May 2020

Beloved in Christ,

I miss you all, and I long for the day that I will turn around from the Holy Altar, and see you, back where we are most united. Celebrating the Divine Liturgy in front of a camera, even with the knowledge that you ARE on the other side of it, is strange to say the least. I think a large contributor to the discomfort is how the camera only shares the sight and the sound of the liturgical experience. The other senses are restrained by this stop-gap. You cannot smell the incense, nor embrace family and friends, nor taste of the Cup of Salvation. The normal symphony of perception is reduced, and seems out of tune. Particularly, one line from the Divine Liturgy keeps coming back to me. It is the last command: "Let us go forth in peace" and it seems to hang in the air, reverberating in an empty church. In our current situation, there is no going forth, and ever-elusive peace! So what does that line mean for us right now?

It means that the conclusion of the Divine Liturgy is not an end but a beginning. Those words, "Let us go forth in peace," are not merely a comforting epilogue. They are a call to serve and bear witness. In effect, those words, "Let us go forth in peace," mean the Liturgy - the breakfast of our Spiritual life - is over, and now the workday of Christian living is about to begin. This, then, is the aim of the Liturgy: that we should return to the world with the doors of our perceptions cleansed. We should return to the world after the Liturgy, seeing Christ in every human person, especially in those who suffer. In the words of Father Alexander Schmemann, the Christian is the one who, wherever he or she looks, everywhere sees Christ and rejoices in him. We are to go out, then, from the Liturgy and see Christ everywhere."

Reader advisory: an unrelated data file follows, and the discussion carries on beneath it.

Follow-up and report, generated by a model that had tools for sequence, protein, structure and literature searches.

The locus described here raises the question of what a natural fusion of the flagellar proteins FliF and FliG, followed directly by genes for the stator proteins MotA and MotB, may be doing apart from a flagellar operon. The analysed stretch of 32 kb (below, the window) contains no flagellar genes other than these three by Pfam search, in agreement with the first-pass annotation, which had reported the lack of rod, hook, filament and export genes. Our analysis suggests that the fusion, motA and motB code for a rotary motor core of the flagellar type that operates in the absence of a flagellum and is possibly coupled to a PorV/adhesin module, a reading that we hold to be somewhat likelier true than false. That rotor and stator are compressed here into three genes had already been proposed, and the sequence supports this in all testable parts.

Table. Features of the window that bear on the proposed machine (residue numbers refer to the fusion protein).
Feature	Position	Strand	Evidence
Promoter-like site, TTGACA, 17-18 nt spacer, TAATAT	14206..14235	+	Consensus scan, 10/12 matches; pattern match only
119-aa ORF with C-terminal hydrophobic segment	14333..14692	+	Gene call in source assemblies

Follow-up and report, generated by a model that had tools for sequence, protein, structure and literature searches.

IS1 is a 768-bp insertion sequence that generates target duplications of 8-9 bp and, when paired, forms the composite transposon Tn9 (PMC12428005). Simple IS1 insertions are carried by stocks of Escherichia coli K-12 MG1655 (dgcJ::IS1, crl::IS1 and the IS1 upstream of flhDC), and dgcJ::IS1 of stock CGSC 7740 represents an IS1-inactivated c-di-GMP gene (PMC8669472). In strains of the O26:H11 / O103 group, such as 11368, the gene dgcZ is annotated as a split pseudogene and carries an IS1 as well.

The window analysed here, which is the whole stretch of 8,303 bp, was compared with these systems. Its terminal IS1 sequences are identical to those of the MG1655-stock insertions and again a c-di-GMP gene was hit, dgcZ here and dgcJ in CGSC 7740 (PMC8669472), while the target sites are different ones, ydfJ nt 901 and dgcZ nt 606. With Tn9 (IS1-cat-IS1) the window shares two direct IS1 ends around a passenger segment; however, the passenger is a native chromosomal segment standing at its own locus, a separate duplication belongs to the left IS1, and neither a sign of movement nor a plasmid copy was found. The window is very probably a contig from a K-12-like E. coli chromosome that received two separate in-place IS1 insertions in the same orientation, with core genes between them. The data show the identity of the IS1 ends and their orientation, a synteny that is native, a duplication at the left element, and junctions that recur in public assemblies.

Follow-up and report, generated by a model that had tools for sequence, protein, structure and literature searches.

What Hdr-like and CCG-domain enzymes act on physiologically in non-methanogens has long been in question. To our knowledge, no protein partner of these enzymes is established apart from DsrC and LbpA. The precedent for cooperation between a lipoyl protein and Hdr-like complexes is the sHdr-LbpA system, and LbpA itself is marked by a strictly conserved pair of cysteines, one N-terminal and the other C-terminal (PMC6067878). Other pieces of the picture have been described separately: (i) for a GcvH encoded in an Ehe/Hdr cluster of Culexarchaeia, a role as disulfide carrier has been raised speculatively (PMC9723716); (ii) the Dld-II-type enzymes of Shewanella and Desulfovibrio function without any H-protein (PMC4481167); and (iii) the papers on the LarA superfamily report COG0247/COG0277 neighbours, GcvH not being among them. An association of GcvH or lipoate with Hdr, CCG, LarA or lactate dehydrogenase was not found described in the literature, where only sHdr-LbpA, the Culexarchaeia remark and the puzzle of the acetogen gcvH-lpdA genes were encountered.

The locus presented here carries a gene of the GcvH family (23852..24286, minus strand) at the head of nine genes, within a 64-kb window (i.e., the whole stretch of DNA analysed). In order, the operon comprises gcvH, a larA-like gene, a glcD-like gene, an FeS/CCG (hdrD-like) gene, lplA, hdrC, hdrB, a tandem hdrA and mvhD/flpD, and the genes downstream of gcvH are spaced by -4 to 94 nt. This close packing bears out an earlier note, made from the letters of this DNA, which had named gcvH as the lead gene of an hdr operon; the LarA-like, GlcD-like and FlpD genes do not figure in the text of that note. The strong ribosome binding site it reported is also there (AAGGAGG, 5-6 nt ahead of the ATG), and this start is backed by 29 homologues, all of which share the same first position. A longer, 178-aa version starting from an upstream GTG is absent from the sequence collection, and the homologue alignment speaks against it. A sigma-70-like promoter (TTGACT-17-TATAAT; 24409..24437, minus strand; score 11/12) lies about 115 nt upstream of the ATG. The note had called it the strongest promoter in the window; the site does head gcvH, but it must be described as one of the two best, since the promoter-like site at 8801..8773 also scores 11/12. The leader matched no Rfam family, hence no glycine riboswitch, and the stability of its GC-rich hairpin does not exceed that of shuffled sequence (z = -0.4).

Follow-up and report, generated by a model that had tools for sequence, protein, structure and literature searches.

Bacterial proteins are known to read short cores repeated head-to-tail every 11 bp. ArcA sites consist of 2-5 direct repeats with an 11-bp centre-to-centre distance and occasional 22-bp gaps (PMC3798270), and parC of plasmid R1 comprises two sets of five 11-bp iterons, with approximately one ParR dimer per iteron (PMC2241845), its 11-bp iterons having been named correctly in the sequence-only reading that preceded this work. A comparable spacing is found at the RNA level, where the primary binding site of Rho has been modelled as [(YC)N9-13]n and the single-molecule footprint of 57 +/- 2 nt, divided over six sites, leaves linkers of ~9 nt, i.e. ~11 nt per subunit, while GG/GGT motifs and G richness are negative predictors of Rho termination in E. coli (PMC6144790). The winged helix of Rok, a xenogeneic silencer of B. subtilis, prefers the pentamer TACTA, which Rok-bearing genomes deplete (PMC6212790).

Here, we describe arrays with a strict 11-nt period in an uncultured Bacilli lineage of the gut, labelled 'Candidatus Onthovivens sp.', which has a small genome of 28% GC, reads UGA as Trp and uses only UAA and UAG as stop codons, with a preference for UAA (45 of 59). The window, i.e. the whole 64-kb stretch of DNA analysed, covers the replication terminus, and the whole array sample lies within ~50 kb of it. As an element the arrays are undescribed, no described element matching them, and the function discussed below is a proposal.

None of us can control the massively disruptive circumstances we are in. And certainly, there is not one among us who is not suffering in some way because of them. While we all wish for different days, these are the days which the Lord has made, so let us rejoice and be glad in them. Perhaps the aspect of this whole crisis that has surprised me the most is just how much I have rushed past, which now I have no choice but to see. There are moments in our every day in which we have an opportunity to lean in and try to see the face of Christ in the other. In the past, we have been busy, and able to make excuses to avoid discomfort. Now, we are out of other things to do, and this is a blessing. Lean in to the family God has given us. Lean in (figuratively, of course) to the neighbor who still tries to stand too close when you are just taking the garbage out. Lean in to the humanity of the suffering all around us. There, find Christ. There, BE Christians.

While we are all anxious about how this will resolve, we have been invited to inspect our smallest, most boring moments. Thank God, they only come one at a time, and we only need to operate in the present one. There, find Christ, who suffered and died and rose from the tomb. There, BE Christians. Christ is here, in this moment, Risen from the dead. May we depart in peace, and find our faith echoing in our day-to-day, and rise from our tombs with Him.

In Christ,

+Fr. Patrick